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jerryking : wellness   9

Technogym steps up pace to win world fitness race
November 18, 2018 | Financial Times | Rachel Sanderson in Milan

Technogym, the Italian maker of top end gym equipment, is launching a new platform to broadcast live and on-demand workouts from top gyms worldwide as the race for fitness tech heats up.

The Milan-listed company, founded by owner and chief executive Nerio Alessandri in 1983, will launch Technogym Live in January starting first in the UK and Italy. It will allow owners of Technogym equipment fitted with broadcast consoles to watch cycling, running, rowing, boxing and boot camp classes from its partner fitness studios around the world.

The move comes as fitness has become a new frontier for the tech industry. Fitness streaming apps, such as audio app Aaptiv, connected to home equipment such as start-up Peloton Interactive stationary bicycles have become a big growth area.
fitness  gyms  Peloton  platforms  Technogym  connected_devices  wellness 
november 2018 by jerryking
The dumb-bell economy: inside the booming business of exercise
FEBRUARY 9, 2018 | FT | Jo Ellison.

Where once consumers looked for acquisitions to express their status, our spending habits are shifting towards more holistic expenditures. In the past 20 years, the leisure industry has emerged as one of the most dynamic, disruptive and fashionable of forces. It’s all part of a new focus on the “lifestyle experience”, a trend that has possessed consumers and found luxury brands spiking with sporty new offerings — sneakers, leggings, apps and accessories — designed to harness the burgeoning market. As Harvey Spevak, the executive chairman and managing partner of the Equinox group, likes to say: “Health is the new wealth.”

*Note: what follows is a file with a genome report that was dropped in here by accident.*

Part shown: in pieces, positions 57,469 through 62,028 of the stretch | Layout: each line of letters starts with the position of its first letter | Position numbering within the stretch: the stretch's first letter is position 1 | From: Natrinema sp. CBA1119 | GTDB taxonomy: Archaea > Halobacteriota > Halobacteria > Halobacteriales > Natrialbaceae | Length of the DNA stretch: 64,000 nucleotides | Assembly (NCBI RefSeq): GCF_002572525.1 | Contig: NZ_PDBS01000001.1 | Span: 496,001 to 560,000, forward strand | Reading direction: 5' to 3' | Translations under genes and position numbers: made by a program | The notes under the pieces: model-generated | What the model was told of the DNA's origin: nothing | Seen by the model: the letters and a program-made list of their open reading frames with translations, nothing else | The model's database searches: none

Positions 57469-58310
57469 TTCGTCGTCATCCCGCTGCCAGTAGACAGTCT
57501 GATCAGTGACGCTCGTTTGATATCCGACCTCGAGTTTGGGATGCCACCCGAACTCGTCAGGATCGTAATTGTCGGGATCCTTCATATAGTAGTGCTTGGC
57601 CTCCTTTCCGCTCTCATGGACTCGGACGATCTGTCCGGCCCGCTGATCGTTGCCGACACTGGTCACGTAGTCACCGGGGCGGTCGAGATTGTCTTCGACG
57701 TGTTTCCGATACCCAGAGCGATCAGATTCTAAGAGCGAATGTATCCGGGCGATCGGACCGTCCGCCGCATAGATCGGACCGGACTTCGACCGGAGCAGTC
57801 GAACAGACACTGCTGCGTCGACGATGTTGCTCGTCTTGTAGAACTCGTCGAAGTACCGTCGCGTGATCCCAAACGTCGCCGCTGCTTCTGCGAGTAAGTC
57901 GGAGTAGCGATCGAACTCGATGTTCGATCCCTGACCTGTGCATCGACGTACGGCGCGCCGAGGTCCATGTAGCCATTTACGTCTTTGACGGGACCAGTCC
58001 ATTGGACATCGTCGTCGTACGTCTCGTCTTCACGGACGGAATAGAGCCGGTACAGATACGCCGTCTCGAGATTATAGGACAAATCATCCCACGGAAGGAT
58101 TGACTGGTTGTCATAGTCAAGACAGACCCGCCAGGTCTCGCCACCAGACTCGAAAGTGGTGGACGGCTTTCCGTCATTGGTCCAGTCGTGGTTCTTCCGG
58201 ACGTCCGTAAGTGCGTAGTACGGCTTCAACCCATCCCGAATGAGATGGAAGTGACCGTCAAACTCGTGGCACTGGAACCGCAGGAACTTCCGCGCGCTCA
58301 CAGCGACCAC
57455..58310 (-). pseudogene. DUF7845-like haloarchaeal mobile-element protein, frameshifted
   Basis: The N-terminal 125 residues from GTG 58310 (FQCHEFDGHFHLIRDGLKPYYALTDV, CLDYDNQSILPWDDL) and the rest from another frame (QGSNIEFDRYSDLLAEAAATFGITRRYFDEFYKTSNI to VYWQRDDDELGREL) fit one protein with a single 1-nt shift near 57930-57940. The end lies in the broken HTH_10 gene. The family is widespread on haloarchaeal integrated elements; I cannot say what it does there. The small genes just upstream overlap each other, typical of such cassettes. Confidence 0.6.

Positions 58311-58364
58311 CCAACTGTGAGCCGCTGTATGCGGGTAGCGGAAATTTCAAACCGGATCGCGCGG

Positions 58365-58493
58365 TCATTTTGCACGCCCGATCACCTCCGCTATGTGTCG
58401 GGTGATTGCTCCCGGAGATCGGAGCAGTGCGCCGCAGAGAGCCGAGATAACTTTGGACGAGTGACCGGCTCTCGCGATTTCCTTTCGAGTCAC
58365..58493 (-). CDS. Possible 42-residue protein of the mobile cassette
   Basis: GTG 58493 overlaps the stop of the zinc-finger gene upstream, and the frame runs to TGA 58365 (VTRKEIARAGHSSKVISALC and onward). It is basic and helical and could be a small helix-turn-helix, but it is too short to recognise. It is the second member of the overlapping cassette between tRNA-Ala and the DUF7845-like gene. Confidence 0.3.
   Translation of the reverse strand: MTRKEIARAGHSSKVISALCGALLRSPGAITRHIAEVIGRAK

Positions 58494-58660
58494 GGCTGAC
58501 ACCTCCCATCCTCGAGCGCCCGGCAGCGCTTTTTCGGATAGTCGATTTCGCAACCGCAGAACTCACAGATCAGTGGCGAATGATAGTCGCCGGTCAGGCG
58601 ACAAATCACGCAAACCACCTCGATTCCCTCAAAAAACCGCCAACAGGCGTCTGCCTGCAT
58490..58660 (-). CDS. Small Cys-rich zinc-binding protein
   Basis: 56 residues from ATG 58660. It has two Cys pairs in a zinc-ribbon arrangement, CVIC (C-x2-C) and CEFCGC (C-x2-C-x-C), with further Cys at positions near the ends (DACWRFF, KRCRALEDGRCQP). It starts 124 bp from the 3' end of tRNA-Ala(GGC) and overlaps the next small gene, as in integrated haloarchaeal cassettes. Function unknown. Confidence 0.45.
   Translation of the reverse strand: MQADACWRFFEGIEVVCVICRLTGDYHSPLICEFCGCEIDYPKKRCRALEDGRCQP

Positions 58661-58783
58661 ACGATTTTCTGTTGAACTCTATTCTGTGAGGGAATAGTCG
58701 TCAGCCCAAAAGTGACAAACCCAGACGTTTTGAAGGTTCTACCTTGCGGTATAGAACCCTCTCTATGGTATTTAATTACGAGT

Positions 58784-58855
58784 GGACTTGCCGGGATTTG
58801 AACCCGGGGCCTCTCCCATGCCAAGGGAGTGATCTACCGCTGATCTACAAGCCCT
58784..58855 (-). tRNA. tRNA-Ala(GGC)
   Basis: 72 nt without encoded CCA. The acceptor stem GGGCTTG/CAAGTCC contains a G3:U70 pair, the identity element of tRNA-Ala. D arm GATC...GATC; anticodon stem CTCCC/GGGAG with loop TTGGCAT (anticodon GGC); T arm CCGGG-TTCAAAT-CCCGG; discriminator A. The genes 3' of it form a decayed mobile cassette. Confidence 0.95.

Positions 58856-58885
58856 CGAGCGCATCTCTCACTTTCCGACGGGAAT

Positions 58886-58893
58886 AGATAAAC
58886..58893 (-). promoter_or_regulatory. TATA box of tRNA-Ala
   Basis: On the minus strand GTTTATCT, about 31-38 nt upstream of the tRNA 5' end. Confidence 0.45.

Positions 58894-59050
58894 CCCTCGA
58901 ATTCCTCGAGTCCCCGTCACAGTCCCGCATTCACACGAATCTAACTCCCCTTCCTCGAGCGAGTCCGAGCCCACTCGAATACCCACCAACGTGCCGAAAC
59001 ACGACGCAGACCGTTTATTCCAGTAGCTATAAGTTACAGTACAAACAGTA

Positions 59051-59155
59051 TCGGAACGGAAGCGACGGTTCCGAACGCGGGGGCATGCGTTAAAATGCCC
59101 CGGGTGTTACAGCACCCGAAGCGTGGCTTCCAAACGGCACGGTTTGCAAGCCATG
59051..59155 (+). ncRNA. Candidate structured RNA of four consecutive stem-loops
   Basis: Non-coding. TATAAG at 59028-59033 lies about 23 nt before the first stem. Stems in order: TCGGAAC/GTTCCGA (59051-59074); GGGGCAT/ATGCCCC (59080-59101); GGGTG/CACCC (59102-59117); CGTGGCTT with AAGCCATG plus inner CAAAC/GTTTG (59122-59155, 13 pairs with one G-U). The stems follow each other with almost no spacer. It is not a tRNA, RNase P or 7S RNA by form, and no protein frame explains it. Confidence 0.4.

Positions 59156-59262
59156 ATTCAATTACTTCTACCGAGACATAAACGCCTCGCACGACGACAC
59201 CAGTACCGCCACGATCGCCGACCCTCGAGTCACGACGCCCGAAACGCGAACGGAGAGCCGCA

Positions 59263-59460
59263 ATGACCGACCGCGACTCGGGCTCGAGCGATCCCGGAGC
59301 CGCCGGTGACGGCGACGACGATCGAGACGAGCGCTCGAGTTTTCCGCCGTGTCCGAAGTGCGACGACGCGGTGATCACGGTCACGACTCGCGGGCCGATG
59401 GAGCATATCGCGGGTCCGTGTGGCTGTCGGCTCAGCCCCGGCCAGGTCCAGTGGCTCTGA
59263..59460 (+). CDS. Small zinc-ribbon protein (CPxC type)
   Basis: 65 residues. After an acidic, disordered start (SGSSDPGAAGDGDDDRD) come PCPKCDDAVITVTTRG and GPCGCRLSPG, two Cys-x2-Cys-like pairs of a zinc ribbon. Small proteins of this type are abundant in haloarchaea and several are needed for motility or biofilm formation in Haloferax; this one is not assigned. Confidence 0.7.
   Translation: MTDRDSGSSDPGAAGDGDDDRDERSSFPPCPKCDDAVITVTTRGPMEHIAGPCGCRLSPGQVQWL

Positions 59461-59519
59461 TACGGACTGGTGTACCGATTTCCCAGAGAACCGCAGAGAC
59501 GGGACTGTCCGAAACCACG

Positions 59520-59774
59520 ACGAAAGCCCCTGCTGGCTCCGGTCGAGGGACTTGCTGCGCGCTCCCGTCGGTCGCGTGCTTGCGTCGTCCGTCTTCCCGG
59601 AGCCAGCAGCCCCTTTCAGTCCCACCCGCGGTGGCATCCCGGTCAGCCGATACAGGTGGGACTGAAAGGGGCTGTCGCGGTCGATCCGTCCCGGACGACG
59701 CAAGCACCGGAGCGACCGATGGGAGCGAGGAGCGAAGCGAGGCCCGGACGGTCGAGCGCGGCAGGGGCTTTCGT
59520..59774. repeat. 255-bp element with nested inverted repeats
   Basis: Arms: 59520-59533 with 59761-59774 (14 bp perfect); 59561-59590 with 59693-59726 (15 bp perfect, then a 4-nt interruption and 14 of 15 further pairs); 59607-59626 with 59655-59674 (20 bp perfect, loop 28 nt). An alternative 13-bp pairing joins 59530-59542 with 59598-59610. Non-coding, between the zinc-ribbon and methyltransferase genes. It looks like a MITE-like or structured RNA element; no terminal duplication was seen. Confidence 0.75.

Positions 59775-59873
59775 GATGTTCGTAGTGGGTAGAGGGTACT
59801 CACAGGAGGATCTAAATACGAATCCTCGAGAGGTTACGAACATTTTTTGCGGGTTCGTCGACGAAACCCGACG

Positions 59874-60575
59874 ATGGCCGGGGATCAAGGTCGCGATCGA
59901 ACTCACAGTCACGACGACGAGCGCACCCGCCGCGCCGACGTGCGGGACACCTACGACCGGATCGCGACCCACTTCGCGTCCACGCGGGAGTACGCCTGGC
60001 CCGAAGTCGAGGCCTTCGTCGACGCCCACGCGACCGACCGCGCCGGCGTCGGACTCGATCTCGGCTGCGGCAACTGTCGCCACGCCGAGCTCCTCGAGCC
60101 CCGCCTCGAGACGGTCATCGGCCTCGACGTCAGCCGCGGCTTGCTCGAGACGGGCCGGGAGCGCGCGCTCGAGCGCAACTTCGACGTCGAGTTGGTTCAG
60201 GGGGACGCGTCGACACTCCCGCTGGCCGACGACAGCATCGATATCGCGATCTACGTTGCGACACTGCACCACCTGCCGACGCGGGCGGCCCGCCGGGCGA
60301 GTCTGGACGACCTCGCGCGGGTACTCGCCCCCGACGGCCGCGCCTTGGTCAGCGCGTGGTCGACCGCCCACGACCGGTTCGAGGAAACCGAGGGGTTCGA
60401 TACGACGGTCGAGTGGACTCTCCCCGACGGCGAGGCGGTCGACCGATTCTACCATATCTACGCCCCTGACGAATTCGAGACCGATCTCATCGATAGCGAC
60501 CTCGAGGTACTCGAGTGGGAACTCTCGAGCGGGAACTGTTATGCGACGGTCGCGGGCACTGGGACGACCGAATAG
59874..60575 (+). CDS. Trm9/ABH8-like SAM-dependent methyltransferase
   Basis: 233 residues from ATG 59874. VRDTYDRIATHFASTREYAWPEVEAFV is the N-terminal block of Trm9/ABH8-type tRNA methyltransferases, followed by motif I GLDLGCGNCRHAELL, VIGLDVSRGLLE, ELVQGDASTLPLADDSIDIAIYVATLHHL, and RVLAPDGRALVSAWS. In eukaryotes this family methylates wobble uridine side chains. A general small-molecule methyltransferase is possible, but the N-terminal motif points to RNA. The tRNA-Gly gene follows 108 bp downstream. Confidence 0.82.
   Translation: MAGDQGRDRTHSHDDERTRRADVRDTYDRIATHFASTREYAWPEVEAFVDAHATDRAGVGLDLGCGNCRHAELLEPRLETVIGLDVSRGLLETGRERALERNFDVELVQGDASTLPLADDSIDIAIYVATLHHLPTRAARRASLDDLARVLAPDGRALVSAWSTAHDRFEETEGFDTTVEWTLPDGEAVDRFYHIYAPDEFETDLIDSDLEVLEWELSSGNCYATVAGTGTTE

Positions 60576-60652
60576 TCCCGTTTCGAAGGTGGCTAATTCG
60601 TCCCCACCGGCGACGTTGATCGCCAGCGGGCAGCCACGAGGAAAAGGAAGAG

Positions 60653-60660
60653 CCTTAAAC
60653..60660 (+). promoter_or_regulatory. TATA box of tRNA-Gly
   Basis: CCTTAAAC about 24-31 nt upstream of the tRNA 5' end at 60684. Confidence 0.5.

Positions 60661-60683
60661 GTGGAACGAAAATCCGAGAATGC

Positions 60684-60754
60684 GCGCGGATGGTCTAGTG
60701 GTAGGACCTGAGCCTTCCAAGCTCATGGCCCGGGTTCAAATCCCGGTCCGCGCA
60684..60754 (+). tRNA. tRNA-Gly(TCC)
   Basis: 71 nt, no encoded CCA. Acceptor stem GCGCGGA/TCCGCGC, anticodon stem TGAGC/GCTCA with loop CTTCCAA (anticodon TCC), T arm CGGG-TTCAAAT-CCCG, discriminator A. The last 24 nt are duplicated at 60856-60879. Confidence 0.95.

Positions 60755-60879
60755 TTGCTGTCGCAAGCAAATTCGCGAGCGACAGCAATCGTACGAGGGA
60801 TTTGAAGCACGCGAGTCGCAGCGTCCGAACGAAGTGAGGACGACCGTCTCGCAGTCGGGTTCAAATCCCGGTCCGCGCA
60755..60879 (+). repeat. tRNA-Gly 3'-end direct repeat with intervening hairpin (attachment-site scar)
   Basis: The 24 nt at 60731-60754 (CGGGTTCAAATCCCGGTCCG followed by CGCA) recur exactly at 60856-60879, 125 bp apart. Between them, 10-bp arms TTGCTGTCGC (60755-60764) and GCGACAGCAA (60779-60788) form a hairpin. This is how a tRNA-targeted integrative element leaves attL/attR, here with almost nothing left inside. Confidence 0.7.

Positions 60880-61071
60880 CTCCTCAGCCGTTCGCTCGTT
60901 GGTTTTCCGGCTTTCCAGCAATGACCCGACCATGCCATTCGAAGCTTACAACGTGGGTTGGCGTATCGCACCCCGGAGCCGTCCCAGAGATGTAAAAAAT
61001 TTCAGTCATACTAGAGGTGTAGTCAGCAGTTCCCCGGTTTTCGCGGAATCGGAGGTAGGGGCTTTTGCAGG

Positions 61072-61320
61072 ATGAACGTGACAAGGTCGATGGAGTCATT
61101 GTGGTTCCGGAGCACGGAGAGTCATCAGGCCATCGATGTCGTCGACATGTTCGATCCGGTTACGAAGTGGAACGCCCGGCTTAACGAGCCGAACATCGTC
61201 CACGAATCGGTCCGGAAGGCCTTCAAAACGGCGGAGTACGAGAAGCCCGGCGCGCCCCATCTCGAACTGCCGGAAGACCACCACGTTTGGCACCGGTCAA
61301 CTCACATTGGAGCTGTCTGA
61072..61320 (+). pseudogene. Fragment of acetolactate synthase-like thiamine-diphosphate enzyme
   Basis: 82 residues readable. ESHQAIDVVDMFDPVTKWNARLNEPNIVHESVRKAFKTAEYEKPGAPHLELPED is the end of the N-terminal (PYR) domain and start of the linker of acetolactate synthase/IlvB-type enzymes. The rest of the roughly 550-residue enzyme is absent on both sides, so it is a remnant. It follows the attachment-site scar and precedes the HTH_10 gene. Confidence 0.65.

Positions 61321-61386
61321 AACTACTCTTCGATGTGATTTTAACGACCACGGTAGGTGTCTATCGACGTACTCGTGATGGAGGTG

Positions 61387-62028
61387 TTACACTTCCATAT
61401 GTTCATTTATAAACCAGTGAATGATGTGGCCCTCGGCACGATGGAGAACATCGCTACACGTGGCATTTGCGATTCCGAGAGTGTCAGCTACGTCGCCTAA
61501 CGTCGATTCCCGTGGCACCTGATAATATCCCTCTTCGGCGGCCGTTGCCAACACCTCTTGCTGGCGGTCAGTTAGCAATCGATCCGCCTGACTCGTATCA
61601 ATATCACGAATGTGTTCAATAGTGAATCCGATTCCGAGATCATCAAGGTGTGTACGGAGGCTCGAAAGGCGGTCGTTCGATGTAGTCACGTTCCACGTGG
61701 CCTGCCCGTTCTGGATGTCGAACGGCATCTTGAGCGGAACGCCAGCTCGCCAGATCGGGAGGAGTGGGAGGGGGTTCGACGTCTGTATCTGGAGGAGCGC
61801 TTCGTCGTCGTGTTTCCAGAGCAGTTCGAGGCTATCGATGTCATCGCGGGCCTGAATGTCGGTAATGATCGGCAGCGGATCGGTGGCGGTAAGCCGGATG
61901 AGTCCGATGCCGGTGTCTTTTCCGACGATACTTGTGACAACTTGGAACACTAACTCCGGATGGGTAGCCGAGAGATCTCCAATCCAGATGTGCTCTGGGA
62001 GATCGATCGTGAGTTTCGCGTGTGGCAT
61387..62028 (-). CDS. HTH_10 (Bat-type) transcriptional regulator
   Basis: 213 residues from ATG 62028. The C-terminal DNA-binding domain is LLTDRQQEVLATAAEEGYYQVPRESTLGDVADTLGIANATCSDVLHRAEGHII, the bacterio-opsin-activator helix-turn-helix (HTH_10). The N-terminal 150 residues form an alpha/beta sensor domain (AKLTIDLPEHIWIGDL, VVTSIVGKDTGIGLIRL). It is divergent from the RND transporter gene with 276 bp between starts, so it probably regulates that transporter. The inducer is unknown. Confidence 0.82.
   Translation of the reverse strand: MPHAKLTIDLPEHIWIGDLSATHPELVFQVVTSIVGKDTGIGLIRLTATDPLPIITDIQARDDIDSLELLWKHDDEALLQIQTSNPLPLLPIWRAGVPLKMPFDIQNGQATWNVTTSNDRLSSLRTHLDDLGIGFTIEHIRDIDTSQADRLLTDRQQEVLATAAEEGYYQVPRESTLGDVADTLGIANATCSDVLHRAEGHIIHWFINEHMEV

.....2019 will see the first Equinox hotel opening in New York’s Hudson Yards, the first in a rollout of Equinox hotels earmarked for billions more in investment. The hotels will be founded on the same full-service ideal as the clubs. “Our vision for the hotels is to cater to the high-performance traveller,” says Spevak, “and we think about it as we do, historically, from a science perspective. We call it MNR — movement, nutrition and recovery — where a high-performance lifestyle and a healthy lifestyle is a three-legged stool.”.....as our lives have become busier, atomised and more urban, the gym has emerged as the new place in which to gather: to be part of a community....not only are millennials more likely to buy gym memberships, they’re driving the boutique business as well. The rise of the group workout, club membership and all of the attendant accessories that come with it have become part of the new language of “wellness”......Where you work out, who you work out with, and what you wear to work out in have become totems of fashionability. Spevak traces the first shoots of the wellness trend to 9/11, when he saw a jump in the number of people becoming focused on holistic health and taking care of themselves.
....But more than anything, the fitness boom must be a corollary of a digital revolution in which working out has become a ubiquitous feature of our online life; ....Minton agrees that a gym’s success depends on cultivating this tribal loyalty, delivering a unique experience and then selling product that marks its members out. “Some of the most interesting clubs are those that are expanding into less obvious areas,” he says. “We now have over 600 boutiques across the UK and they are growing faster than traditional gyms as they have a smaller footprint and can take pop-up spaces.......The experiential market is throwing a lifeline to retailers, as well. “The fashion link is growing,” adds Minton. “Fitness apparel brands like Lululemon, Sweaty Betty, Reebok, Nike all now offer free in-store workouts, which provide them with an opportunity to market their brand lifestyles more directly and forge a connection with the consumer.”.......“The demise of retail is a permanent shift,” says Spevak. “It doesn’t mean retail’s going to go away, but it’s going to look very different. The consumer, in my opinion, will continue to buy nice things for themselves, but I think in the scheme of priorities the experience is more important than the handbag.”